Ten Records From Eleven Worth Twelve Bucks From Your Wallet
St. Vincent - Strange Mercy
This album may have more ideas, instruments, and layers than the other nine albums combined, and those other nine albums are all brilliant. This is the fucking timpano of indie rock - everything you would expect, and more, is contained within. No record challenged my expectations or changed my opinion more over multiple listens than this one.
Wild Flag - Wild Flag
To call myself a fan of Sleater-Kinney would be fair, but i would never say that i was a superfan. However, i can say that i am becoming a superfan of Wild Flag, which features 2/3 of Sleater-Kinney. A record that nearly bursts at the seams from the enthusiasm, spirit, energy and melody contained within. I think it says a lot about how far i've come as a listener/feminist that it barely even registers that this is an all-female band. At one point, i'd have viewed that as novel, but i don't at all anymore. Just four great musicians making a devastatingly good album.
Danielson - Best of Gloucester County
This is the record on this list that will be the most decisive. Some people just can't get past Daniel Smith's voice. I'm not one of those people. To me, this is his best/most consistent record since Brother : Son (which is credited to Br. Danielson). And no, it isn't just here because it's a Jersey band.
John Vanderslice - White Wilderness
I am typically against records that feature a singer/songwriter and an orchestra - the idea is great, but the execution is never quite there. Except here; Vanderslice, a guy whose music many times i respect more than i like, nails this type of record - it still sounds like him, but it also uses the orchestra as more than just window dressing.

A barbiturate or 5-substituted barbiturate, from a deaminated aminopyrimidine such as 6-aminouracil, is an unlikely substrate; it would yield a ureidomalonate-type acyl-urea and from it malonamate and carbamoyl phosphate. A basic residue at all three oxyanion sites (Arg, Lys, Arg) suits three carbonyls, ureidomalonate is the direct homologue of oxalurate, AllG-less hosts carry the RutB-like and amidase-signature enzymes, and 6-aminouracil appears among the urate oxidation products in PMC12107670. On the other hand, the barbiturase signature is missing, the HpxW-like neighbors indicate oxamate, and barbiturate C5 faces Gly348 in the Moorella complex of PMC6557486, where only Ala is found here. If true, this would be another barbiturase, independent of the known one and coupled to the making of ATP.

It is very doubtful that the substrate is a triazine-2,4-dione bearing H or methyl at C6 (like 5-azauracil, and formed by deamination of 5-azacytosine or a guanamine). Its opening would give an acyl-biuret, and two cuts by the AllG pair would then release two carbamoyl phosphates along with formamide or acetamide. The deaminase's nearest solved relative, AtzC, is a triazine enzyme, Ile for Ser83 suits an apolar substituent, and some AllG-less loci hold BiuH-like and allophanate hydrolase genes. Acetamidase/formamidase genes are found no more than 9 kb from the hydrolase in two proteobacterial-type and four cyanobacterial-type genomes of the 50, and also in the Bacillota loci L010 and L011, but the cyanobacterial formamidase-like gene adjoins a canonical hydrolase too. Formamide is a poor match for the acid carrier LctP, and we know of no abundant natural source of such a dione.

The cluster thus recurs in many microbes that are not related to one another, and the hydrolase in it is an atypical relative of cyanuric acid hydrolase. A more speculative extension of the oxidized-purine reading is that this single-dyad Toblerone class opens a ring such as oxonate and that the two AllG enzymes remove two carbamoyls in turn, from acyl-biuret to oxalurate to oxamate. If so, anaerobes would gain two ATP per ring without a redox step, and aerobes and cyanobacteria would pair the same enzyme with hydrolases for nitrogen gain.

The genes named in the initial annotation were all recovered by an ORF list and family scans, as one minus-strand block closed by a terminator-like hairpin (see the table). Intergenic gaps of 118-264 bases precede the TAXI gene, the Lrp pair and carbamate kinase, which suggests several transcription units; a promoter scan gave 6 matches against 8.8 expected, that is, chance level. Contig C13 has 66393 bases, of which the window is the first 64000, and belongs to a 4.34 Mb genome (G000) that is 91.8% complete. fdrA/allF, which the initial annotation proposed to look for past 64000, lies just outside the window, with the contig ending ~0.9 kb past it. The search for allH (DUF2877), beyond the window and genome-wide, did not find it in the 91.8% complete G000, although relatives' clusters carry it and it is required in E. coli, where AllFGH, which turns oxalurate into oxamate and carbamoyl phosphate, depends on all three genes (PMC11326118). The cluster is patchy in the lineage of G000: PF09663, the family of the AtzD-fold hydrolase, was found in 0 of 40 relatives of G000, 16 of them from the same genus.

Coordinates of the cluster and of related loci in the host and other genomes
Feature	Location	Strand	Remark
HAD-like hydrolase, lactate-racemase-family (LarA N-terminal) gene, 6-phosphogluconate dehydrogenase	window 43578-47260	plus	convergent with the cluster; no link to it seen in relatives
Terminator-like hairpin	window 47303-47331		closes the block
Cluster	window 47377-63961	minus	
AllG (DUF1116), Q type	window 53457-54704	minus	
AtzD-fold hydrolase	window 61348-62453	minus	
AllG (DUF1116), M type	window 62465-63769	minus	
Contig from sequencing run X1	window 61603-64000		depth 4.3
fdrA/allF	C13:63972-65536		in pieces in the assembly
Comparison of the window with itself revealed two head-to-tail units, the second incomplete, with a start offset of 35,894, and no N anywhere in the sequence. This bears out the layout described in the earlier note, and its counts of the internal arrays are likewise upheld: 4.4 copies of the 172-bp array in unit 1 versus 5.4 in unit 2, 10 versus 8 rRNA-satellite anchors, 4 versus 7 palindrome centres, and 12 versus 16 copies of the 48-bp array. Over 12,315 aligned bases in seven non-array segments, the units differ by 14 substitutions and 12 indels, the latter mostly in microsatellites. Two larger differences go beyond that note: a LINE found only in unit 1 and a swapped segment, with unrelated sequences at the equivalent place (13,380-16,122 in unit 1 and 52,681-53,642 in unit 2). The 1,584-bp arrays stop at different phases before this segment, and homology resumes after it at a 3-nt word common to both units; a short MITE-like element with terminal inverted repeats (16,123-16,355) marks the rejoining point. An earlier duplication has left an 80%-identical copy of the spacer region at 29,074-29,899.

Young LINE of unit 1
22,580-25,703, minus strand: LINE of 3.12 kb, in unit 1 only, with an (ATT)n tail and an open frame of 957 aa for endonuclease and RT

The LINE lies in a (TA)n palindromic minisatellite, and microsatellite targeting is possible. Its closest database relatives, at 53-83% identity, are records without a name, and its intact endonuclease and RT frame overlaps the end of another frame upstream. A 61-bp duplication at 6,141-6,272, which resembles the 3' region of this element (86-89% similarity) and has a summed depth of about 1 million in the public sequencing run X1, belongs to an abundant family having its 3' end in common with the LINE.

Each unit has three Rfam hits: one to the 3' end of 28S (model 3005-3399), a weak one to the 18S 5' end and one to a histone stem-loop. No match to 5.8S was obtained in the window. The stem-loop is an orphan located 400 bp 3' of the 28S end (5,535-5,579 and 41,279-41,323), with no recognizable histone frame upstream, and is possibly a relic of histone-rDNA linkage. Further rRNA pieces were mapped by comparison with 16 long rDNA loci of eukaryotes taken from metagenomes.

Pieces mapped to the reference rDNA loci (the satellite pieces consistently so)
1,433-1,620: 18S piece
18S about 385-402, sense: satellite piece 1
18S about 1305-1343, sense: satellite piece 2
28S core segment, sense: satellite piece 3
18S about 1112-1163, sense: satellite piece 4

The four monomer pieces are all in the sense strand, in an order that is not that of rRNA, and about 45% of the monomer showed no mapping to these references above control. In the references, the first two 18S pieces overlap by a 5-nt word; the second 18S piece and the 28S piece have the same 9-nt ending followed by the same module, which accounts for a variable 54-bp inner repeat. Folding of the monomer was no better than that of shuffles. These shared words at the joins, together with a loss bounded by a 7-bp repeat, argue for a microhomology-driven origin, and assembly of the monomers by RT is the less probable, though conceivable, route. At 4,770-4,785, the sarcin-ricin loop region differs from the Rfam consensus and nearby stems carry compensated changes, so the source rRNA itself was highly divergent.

Yellow Ostrich - The Mistress
Always be weary of records that get a lot of hype before you hear them. I was set up to dislike this album because so many people seemed to really like it. But this is really, really good. The band uses their voices exceptionally well, and in unusual ways. This is the record i've spent the least amount of time with (despite having it for longer than many of the other albums on this list), and this has the potential to be a record that i forget about for years and years and rediscover at some point and kick myself for forgetting about it.
Mister Heavenly - Out of Love
This sounded too good to be true - Nick Diamonds from the Unicorns/Islands and Honus Honus from Man Man making a record together. When i heard the first song, i assumed i was right - however, move past that one song (and skip the reggae-ish one later on), and you have a fantastic record that harkens back to the late '50s/early '60s as easily as it does to the members' other bands. If only the album was also called Mister Heavenly, they could've had the rare band/album/song of the same name trifecta, Bad Company style.
TV Girl - Benny and the Jetts
I'm a sucker for great pop songs, and this EP is chock full of them. This is a band i can honestly say i have no idea how i found, but this EP has been one of the more constant records i've returned to this year when i just want to smile. In fact, the song below, from this EP, provided the theme music to the first episode of Expectations this summer...
The Roots - Undun
?uestlove can do no wrong in my book, and 2004 Brian would go apeshit if he knew that one day a Sufjan Stevens song would inspire a Roots record. The Roots keep getting better and better (which is almost unfair, as almost no peers try an eighth as hard as they do), and this concept album in reverse is stunning on listen #1 or #100.
Destroyer - Kaputt